• i have a bay in me whose walls gaze out fresh as milk to draw a tongue of ocean lapping - where eye levels horizon to raise the bowed & one spireless geometry ushers this body to its cooler shadow where dusk touches my dusk (p.52). I like the idea of an internal bay. At the mention of walls I wonder whether I should hold in mind "bay window" as well as a cliff-flanked seaside bay. But why bring freshness into it? Why milk? A tongue laps at milk. The images don't constructively cohere, nor do they interestingly oppose.
  • as if death might come to me fully lit or drowse if i could stay with it all that bitter way to cud some dawn steeped in juice or slumber whose point of breaking is almost that stunned return to yesterday (p.83). I like the "cud some dawn" idea.
  • though there never was time i ventured by night any s-/pit of sand & if dreams of others send us to sleep might sea be something near conscious vastly & sleeping that in its slumber dreams me? (p.85)
  • is it that loss before the loss - glimpsed in eye-glow of either while still pressed together - or as air-hand grasp for child lost to crowd while child still trots beside you in blood red duffel (p.87) - I'm unsure what this all means. The words distract. Maybe instead "a hint of loss to come - in a hugged lover's glowing eye, or a hand reaching for a toddler thought lost in a crowd but there beside you in blood red duffel"
  • through all this lull of green the hospital behind me s/parse in its re/petition of extinguishers (p.93). I like this as it is.
  • to sway me full into what s/wells within till b/lack has clasped each oilslick lung (p.99)

He writes -

  • "I'm seeking a species of language that can enlist and enact feeling and thought, rather than merely express emotion and think out loud... instead of talking about thoughts and feelings, I want poems that themselves think and feel."
  • "There's something almost quantum mechanical about many of the poems in the i tulips project, where syntax is made to hang - not least across line-breaks - so as to offer (though without becoming, one hopes, merely chaotic) a simultaneity of various possibilities for meaning. In a sense, there are different 'states' for the poem that co-exist as probabilities before a particular (perhaps more singular) reading of the text enacts certain decisions/interpretations within the listener's/reader's ear, decisions that 'collapse' the poem, as it proceeds, into a given observed state. Of course, conventional poems too may carry a plural quality; but in i tulips the occurrence is heightened and deepened"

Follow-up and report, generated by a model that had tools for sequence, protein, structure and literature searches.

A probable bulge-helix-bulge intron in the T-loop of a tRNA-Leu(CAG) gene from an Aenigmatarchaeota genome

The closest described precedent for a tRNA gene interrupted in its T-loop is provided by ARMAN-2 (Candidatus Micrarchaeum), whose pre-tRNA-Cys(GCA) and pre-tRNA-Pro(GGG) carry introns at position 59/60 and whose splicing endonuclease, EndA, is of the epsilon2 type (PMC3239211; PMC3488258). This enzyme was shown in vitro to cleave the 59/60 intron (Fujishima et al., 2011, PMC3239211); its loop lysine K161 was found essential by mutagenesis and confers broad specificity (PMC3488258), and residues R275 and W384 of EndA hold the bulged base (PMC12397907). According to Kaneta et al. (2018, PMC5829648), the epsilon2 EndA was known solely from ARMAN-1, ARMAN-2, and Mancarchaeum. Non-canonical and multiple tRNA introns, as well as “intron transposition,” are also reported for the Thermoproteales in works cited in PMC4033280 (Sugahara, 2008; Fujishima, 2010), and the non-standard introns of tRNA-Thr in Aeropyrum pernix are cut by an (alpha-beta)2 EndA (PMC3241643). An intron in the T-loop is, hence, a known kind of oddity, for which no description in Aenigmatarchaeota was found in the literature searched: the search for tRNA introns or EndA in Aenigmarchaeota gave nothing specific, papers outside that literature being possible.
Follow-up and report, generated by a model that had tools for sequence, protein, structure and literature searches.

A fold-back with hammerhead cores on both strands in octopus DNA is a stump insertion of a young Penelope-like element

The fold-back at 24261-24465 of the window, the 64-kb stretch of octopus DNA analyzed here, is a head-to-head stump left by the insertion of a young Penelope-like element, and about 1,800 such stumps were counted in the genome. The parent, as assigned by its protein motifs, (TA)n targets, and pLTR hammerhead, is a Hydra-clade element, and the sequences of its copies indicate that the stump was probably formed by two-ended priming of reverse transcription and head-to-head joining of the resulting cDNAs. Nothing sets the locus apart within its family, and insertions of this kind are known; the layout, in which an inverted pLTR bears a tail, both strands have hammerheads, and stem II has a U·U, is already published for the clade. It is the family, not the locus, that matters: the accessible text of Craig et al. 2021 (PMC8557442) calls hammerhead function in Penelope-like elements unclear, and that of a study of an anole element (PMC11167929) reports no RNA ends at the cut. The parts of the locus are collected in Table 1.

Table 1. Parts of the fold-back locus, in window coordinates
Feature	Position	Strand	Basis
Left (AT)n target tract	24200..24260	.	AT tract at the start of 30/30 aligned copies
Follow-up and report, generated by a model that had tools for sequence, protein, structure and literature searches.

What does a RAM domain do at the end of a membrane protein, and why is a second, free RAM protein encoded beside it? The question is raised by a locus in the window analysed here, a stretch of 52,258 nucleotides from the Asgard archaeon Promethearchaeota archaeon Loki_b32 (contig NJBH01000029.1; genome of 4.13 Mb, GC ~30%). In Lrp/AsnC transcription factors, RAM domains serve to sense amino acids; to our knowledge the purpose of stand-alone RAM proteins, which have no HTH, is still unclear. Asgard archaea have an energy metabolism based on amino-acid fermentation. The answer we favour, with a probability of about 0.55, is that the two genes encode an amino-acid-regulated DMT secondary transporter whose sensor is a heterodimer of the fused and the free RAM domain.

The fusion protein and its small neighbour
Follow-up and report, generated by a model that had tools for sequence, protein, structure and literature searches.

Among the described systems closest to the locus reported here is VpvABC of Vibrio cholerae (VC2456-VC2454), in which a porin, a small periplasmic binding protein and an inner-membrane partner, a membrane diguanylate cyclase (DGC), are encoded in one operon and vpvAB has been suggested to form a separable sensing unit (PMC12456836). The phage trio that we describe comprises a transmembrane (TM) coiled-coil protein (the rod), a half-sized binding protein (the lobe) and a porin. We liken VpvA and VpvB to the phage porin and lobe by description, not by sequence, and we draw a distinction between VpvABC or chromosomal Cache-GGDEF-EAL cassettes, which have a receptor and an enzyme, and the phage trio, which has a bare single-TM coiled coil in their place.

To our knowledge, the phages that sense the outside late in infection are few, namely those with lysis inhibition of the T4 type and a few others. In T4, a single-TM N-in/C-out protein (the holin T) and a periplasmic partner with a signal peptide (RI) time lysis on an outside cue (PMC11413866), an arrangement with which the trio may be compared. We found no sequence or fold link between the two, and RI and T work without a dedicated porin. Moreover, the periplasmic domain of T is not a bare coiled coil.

which is all fair enough. When I was younger I think I was more sympathetic to these views. Since then I think I've veered towards surface clarity, hoping that readers can see through to the mysteries - Magritte and Escher.

My favourite is "we have to talk you &". It's longer than the other poems, which makes me more forgiving of the parts I don't understand.

Other reviews

  • David Pollard ([i t 61] is an extremely subtle and, I think, great poem. There are many like it in i tulips ... Examples include 'what stirs this is-' [i t 48] and 'i have heard in' [i t 95])